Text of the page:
Starting on Tuesday, Feb. 1, the Pride Empathy Line will be open to the public. About 45 volunteers were trained in January to take calls from anyone who is gay, lesbian, bi-sexual, or transgender (LGBTQ), or from loved ones who need a shoulder to lean on.
“I took a class at Salt Lake Community College, GLBT Studies,” said Melanie Squire, the founder of the Pride Empathy Line. “When I finished the class I felt like I wanted to pay it forward and help people that are members of this community.”
After speaking with her professor, Squire decided this was the idea she liked and ran with it.
People may need help with a wide range of situations, including LGBTQ people having trouble with bullies. Other people may have difficulty dealing with a friend or loved one’s sexual orientation or gender identity, questioning their own sexuality, or coping with emotional stress.
Statistics show that LGBTQ youth in families who reject their sexuality are eight-times more likely to attempt and sometimes even complete suicide. Because of families like these, a lot of these LGBTQ youth feel rejected, fearful, hopeless, and depressed. This and other reasons is the Pride Empathy Line was created.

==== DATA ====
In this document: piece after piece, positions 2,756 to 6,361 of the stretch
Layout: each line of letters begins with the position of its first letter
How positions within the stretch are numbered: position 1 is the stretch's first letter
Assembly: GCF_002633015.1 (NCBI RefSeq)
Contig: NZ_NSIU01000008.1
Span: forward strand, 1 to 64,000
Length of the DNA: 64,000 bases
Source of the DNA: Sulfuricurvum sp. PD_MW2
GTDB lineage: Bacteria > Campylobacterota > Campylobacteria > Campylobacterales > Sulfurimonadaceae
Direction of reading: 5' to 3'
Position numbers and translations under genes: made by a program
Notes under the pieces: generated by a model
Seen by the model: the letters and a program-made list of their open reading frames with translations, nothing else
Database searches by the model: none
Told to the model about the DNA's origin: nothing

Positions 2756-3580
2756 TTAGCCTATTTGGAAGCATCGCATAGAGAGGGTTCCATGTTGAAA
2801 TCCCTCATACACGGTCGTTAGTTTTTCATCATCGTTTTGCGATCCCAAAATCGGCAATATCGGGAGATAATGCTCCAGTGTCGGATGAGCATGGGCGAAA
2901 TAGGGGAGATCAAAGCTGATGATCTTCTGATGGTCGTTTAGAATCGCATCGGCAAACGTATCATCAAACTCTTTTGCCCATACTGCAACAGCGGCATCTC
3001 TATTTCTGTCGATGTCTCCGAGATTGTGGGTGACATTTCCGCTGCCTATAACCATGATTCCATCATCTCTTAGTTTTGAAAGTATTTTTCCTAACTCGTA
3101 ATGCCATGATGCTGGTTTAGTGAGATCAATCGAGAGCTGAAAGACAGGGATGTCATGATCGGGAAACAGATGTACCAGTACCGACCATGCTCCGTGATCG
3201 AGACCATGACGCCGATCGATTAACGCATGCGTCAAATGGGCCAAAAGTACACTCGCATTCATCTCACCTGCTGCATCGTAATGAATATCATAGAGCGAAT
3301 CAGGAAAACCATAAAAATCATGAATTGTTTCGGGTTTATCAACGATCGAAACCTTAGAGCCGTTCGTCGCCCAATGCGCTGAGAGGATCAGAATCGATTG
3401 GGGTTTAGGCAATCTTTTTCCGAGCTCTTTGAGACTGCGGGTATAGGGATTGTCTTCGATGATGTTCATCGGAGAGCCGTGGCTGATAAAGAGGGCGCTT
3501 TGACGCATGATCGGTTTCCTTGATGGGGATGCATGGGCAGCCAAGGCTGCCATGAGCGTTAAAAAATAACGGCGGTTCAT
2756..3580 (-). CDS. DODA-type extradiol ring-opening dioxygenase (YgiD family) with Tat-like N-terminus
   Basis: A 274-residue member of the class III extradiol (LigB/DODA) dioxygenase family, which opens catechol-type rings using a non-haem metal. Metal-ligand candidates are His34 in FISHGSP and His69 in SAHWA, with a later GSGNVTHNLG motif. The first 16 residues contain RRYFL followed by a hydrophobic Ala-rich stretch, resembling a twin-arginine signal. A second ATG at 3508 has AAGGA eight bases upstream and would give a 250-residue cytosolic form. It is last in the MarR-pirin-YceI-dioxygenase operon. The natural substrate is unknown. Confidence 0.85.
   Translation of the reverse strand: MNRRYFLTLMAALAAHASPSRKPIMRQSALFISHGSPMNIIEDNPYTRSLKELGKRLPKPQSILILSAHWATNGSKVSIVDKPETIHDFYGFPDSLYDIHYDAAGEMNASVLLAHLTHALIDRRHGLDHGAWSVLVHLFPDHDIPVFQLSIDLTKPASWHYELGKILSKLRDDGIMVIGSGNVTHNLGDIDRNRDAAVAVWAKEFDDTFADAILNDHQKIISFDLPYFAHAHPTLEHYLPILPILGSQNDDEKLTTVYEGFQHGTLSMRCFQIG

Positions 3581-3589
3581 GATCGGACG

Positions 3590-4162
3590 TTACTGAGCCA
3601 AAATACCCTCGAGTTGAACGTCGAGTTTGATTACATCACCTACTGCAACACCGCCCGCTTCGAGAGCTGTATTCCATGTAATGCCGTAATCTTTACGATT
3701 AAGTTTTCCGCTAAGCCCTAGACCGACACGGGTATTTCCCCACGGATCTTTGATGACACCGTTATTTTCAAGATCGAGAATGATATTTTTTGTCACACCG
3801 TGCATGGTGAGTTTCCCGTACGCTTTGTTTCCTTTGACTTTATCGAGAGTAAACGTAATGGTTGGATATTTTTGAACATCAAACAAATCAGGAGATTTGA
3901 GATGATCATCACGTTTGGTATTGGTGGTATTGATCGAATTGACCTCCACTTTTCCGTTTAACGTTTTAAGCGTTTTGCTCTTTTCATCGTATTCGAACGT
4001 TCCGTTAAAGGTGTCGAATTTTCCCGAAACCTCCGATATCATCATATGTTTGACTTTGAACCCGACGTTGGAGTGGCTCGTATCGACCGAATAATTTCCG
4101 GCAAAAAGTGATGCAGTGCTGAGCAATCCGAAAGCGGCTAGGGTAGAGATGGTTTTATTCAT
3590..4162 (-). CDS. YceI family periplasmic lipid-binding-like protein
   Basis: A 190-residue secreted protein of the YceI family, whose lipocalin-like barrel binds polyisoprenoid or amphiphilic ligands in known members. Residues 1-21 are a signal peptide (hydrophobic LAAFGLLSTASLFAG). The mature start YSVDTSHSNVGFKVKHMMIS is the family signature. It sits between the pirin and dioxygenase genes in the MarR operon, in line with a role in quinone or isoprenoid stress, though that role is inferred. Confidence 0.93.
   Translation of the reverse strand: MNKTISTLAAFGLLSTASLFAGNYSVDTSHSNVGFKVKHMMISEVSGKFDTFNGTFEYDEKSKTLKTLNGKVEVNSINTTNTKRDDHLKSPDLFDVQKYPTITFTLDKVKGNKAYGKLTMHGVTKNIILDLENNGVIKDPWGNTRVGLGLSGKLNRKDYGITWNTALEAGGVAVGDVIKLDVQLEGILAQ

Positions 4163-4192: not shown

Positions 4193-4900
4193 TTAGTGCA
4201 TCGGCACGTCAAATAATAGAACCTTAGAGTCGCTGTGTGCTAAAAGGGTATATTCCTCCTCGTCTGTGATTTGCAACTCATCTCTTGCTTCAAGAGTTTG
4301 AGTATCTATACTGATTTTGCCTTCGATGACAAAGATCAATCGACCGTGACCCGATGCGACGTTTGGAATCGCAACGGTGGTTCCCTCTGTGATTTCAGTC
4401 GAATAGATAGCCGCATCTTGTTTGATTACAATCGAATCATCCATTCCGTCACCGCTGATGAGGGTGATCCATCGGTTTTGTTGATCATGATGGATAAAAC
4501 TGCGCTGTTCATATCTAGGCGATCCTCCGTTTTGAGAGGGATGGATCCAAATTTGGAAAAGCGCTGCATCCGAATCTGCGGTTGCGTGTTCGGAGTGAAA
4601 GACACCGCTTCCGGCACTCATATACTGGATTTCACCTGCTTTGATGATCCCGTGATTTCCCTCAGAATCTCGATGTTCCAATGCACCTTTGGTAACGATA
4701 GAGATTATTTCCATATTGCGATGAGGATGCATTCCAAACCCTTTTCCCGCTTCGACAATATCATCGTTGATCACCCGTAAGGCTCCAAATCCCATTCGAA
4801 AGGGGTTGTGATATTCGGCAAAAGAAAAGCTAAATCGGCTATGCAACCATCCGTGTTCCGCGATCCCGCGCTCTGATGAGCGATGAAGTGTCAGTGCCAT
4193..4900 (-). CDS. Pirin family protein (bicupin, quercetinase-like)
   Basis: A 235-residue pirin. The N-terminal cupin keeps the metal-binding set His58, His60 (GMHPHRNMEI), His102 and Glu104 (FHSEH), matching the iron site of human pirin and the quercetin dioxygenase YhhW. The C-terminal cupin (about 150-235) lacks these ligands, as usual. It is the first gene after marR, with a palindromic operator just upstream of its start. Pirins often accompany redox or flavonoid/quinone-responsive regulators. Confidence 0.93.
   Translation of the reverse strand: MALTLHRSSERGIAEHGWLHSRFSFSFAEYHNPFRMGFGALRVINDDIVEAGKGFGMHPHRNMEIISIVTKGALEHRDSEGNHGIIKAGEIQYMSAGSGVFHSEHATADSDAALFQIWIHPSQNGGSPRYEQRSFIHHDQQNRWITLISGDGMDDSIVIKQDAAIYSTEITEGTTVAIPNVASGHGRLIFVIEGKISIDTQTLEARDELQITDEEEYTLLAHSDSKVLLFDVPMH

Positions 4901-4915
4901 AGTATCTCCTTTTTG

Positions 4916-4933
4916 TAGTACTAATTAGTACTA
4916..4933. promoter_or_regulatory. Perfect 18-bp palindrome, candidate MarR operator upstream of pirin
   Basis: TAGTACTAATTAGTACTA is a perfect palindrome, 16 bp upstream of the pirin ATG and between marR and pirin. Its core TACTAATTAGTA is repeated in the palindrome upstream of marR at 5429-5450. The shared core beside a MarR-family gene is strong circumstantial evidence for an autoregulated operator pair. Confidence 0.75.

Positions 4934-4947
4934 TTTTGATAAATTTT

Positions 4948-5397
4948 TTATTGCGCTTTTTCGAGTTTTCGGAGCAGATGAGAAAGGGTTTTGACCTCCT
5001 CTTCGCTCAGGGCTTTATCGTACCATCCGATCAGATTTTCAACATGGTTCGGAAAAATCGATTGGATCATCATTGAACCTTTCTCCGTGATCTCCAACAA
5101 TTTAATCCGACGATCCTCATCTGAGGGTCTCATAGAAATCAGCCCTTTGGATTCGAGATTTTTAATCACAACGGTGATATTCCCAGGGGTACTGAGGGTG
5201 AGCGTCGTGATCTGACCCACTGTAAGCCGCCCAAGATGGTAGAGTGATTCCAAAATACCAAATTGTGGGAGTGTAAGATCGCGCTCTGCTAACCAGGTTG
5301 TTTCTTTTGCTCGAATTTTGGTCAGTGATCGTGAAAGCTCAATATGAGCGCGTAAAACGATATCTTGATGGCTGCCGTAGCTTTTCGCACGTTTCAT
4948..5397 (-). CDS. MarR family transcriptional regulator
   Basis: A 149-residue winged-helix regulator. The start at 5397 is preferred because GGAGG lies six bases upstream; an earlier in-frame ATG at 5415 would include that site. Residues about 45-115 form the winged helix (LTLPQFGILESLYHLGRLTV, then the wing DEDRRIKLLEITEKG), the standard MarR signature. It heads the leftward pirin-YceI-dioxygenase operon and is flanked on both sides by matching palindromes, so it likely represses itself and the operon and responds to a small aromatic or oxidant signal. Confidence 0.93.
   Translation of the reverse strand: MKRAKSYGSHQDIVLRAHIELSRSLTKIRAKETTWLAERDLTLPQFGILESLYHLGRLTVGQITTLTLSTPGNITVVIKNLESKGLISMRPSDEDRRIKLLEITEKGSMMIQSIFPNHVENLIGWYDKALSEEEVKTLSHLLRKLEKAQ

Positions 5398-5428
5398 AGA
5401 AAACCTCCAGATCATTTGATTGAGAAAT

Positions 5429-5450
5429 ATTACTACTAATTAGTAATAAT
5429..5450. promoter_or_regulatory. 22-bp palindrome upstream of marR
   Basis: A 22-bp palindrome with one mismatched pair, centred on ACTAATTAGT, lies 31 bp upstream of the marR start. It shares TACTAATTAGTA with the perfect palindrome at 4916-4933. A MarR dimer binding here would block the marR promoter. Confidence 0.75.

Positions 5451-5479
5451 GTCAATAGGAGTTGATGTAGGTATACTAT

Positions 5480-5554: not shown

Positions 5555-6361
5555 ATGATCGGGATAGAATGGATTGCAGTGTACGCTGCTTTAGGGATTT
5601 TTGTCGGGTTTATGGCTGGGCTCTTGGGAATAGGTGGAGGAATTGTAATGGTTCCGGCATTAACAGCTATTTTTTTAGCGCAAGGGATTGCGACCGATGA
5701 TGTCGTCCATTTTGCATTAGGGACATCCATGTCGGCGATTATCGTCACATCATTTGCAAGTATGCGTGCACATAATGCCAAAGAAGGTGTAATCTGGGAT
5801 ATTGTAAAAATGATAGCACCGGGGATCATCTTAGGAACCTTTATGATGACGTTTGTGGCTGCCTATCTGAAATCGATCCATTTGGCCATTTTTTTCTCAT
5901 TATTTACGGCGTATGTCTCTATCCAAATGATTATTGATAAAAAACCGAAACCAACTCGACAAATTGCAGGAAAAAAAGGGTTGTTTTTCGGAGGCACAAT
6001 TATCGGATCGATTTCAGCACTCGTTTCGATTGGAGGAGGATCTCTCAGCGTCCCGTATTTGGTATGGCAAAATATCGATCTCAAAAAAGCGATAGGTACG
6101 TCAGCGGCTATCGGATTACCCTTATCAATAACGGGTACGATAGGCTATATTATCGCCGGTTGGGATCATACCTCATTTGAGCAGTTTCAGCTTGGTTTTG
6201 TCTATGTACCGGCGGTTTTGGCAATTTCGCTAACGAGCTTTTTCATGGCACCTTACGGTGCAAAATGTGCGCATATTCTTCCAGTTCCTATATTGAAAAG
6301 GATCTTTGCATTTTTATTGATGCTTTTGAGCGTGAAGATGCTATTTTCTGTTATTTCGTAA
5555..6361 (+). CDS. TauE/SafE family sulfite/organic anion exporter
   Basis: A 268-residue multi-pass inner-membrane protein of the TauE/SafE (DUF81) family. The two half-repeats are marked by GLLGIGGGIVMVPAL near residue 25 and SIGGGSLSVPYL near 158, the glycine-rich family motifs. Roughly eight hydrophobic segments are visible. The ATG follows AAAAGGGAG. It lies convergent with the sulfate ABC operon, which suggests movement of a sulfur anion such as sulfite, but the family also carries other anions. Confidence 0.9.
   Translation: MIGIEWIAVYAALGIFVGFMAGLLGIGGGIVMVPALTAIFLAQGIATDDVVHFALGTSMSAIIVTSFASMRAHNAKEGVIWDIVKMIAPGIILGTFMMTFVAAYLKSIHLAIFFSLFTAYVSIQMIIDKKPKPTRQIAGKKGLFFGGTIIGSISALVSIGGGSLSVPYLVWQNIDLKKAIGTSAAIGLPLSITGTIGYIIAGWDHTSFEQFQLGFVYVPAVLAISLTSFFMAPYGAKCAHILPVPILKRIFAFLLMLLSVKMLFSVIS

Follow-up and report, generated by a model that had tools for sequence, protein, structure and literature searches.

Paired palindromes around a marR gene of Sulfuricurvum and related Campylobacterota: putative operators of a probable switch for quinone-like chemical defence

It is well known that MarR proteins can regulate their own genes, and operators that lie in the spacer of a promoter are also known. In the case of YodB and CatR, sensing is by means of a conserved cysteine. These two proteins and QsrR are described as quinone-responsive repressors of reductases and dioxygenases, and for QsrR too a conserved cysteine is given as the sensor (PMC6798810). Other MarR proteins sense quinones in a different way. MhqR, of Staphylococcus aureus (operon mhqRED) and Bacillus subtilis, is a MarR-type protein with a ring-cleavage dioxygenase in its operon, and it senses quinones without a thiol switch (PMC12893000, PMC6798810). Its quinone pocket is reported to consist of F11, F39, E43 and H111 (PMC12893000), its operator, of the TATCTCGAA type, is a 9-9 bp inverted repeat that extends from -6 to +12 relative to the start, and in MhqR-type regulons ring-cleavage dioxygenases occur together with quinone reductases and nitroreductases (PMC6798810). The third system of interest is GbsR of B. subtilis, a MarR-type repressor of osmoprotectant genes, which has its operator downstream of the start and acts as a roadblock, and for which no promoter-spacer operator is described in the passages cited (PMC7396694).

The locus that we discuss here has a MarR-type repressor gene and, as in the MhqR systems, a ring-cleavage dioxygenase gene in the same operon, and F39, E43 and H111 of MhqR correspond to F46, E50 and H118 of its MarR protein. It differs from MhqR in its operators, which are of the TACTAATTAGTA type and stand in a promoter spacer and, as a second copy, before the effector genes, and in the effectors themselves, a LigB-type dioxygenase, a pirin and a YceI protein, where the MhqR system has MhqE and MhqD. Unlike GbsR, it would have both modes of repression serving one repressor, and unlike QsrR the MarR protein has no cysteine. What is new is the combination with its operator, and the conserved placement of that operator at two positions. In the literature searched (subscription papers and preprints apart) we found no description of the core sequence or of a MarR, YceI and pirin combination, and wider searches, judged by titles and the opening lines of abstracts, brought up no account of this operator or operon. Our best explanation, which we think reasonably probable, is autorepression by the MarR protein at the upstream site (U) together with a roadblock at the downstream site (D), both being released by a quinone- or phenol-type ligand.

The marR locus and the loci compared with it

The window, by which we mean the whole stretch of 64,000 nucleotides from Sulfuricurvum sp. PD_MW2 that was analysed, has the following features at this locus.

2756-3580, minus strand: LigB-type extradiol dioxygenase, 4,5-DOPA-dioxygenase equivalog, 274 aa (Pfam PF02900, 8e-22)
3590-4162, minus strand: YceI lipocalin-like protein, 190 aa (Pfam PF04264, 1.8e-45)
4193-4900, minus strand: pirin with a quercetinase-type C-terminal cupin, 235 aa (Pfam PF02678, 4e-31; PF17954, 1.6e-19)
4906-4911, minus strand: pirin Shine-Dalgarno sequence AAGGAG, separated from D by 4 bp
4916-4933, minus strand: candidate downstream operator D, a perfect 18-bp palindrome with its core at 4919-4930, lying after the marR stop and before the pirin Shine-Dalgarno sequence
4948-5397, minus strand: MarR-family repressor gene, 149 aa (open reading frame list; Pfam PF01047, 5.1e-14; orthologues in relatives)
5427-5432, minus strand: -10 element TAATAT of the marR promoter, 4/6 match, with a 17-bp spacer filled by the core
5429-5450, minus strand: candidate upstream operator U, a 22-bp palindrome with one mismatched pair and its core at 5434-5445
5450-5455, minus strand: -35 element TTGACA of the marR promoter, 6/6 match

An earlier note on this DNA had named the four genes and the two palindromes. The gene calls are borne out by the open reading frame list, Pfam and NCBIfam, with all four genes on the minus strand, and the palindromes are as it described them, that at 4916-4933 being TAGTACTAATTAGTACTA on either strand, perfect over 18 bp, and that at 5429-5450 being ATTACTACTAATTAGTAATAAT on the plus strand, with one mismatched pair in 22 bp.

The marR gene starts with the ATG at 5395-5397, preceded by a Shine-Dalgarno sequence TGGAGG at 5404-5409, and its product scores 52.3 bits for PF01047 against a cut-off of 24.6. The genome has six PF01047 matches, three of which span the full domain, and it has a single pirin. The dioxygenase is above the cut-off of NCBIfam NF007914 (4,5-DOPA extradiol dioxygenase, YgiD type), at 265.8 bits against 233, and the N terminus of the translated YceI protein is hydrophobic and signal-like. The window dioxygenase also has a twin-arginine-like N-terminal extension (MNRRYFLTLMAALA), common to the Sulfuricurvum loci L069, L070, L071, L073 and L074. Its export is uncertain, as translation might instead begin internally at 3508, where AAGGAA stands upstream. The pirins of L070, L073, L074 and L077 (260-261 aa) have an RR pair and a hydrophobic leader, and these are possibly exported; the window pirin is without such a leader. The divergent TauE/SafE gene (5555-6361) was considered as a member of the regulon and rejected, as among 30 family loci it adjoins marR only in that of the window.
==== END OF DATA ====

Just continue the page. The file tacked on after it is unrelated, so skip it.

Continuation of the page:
“Valley Mental Health as well as some other agencies from the community can and spoke with us [the volunteers] about how to answer calls and be empathic,” said David Aaron Andrews, a SLCC student volunteering for the Pride Empathy Line who also happens to be gay. “They taught us how to deal with calls that are suicidal nature and more about the LGBTQ community in general.”
The Pride Empathy Line is there to let those who may feel like they are different know that they are not alone. The line is there for anyone who needs to vent their problems to and for people who need information or local resources.
“People [in Utah] are a little more closed minded when it comes to differences between sexuality and sexual identity,” said Andrews.
Anyone can call the helpline, including SLCC students. Calls are not taken in a call center; instead, calls are transferred directly to a volunteer’s cell phone, where they can be taken at almost any time.
Those volunteers who take the calls are trained to be helpful, and are ready to assist those who feel isolated, fearful, or suicidal. They are trained to judge a situation appropriately if a person is suicidal.
Anyone who would like to be a part of the Pride Empathy Line, but do not feel comfortable answering phone calls, could be a part of the committee. People on the committee assist the Pride Empathy Line by working on human relations, outreach, or fundraising.
The Pride Empathy Line is in need of more volunteers, donations, or committee members. Anyone who may be in interested in volunteering or donating can visit prideempathyline.org, or contact them on Facebook under Pride Empathy Line for more information.
The Pride Empathy Line is currently teaming up with the Utah Pride Center to better improve the helpline.
For those who are in need to someone to talk to can call the Pride Empathy Line at 1-801-GO-PRIDE.